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Creating a project brief that is useful to the developer, and serves as a beneficial exercise for the client, is an under appreciated skill

We often receive project briefs from potential clients – and while we appreciate the time & effort that went in to preparing them, many of them lack the actionable, insightful information we need to effectively collaborate on a project. We believe then that it’s important to take the time to consider the information we require before discussing a project with a potential partner. And sometimes, it was easier to say what we didn’t need …

Thank you for that list of technical requirements – responsive, mobile first design is certainly important. Please understand though that specifying target load times or page size / weight is not helpful. There is no way to know what media is coming to us – and if we need to have video on the home page, there may well be no way to meet your target. We are though, happy to discuss how we can optimise site performance and the technical aspects of the build so that we end up with the most highly performant site possible.

We also, always, recommend beginning a project with a detailed discovery phase. Hiring a development firm is a point of huge risk for your organisation – but a discovery phase can go a long way to mitigate against that. Let’s work together to figure out exactly the best way to move forward – we’ll look at your goals, your current performance, your frustrations and places of joy in your current offering. Together we’ll figure it out – you don’t need to do this alone.

We’ll take it as read that you want to do well in search engines – we’ll explain how we’ll build the site to be well optimised for search, and that consistent performance requires consistent effort. If you’d like to consistently do well in search engines, then it is most likely that you will need to be consistently investing in search engine optimisation.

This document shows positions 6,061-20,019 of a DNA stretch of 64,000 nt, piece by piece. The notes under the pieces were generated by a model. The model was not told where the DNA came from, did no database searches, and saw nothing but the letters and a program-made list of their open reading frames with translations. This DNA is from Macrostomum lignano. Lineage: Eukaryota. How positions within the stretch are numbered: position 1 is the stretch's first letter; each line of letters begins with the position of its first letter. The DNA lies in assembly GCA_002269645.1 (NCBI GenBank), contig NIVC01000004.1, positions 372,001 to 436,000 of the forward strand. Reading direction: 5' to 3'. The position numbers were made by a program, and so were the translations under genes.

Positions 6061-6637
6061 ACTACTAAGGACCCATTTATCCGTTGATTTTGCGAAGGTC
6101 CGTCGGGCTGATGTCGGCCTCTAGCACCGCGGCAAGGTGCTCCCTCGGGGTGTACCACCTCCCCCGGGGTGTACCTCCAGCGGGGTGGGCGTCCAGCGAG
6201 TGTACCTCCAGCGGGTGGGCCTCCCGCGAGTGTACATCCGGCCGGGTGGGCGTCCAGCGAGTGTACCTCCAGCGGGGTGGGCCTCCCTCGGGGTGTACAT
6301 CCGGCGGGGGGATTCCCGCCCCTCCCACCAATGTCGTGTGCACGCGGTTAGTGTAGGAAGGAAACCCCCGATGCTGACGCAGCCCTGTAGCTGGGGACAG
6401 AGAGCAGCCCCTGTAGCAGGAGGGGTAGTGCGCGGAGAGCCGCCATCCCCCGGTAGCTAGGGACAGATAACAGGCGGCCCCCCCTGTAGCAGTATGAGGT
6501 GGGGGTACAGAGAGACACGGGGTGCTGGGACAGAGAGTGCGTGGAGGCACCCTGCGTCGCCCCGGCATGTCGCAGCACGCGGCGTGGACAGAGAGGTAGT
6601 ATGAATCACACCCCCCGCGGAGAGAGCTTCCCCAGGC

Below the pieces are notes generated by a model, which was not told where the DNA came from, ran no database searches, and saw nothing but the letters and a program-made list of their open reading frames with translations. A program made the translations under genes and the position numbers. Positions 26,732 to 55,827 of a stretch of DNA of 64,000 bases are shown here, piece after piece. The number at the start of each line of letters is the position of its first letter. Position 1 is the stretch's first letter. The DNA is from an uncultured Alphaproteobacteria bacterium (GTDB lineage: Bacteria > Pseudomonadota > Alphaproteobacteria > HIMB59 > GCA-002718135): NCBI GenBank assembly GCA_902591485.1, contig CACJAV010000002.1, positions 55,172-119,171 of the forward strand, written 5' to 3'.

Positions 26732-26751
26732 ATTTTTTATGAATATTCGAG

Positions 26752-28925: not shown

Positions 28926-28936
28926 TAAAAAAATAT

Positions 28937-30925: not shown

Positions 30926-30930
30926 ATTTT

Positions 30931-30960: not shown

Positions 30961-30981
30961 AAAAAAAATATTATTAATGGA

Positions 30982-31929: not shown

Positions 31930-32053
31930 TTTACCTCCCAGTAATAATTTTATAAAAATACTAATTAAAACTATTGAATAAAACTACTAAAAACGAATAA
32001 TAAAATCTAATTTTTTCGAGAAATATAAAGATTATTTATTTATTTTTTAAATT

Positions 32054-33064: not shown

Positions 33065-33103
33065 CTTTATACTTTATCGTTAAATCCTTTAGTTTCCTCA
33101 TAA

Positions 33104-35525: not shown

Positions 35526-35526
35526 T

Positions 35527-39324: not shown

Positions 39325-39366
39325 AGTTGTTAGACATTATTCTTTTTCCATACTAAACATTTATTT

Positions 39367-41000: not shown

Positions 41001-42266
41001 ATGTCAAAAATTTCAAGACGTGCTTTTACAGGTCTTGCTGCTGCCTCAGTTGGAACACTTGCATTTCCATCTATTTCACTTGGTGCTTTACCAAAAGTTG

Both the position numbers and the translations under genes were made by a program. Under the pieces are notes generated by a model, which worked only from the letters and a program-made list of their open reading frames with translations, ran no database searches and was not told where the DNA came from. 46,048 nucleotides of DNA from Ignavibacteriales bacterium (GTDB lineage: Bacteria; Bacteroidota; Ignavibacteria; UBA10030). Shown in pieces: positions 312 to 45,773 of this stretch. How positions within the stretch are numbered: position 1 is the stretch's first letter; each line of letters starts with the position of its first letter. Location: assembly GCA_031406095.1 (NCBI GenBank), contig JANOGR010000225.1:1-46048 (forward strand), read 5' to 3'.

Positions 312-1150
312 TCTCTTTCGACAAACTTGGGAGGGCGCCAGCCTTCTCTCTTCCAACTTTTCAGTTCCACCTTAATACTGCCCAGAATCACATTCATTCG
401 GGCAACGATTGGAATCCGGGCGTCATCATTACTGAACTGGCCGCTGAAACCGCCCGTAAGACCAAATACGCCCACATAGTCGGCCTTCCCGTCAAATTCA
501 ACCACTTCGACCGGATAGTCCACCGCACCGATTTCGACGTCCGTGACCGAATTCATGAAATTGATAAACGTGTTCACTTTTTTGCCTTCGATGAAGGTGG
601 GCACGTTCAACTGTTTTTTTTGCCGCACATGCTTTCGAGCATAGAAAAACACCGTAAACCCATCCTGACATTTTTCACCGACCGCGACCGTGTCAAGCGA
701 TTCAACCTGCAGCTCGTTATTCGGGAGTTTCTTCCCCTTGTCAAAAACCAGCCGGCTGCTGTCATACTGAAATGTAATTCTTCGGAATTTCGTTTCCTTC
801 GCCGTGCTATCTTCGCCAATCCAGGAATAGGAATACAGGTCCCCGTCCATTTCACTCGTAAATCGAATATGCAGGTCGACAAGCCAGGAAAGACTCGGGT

Receiving a client website project brief

Okay, it sounds a bit like I’m badgering you … lets move on to the things that can help make a really good project brief:

  • tell us a little bit about your organisation. What’s the history, how has it developed, what values does it represent – and how do those manifest today?
  • what do you want to achieve for the business? Not just with the website, but overall – how are you looking to expand your offering digitally, are you increasing the range of your offering, are you expanding internationally? What are the goals – what does success look like for your business in the next year, 3 years, 10 years?
  • what problems, what challenges, are you facing right now? How does your new website fit in with meeting those challenges?
  • who are your competitors? If you’re a charity, you’re competing for every donation – but who with, and what is it about their digital business that makes you envious? What of yours makes them envious?
  • who is your target donor or customer? Have you developed personas for them? How many different customer groups do you have, and how do they respond to your current marketing efforts? How engaged are they?
  • what is your current marketing plan? Is it going to change with your new website – is the website a part of a new marketing plan? How do you communicate with new & existing customers – the messaging, materials, channels, etc.
  • what systems do you have in place that you need to integrate with? Do you have a CRM system – if not, can we help you add one? Do you use marketing automation? Does your donation platform need to integrate with your accountancy package? Think about the systems you have across the business – how would you like the website to help pull them together?
  • then, what websites do you like – and why? What are other people – both within and outside of your own sector, doing well that you admire? What can we learn from businesses outside of your sector? And what things do you very much dislike in those sites?

So there’s a lot there. I think the main point is: we don’t expect you to know everything – it’s unlikely you know as much about the digital side of your business as we do, and it’s unlikely we know as much about your donors, customers, internal processes as you do. So let’s collaborate. Let’s learn and work on the project brief together. You’ll get better results and a more satisfying collaboration – as will we.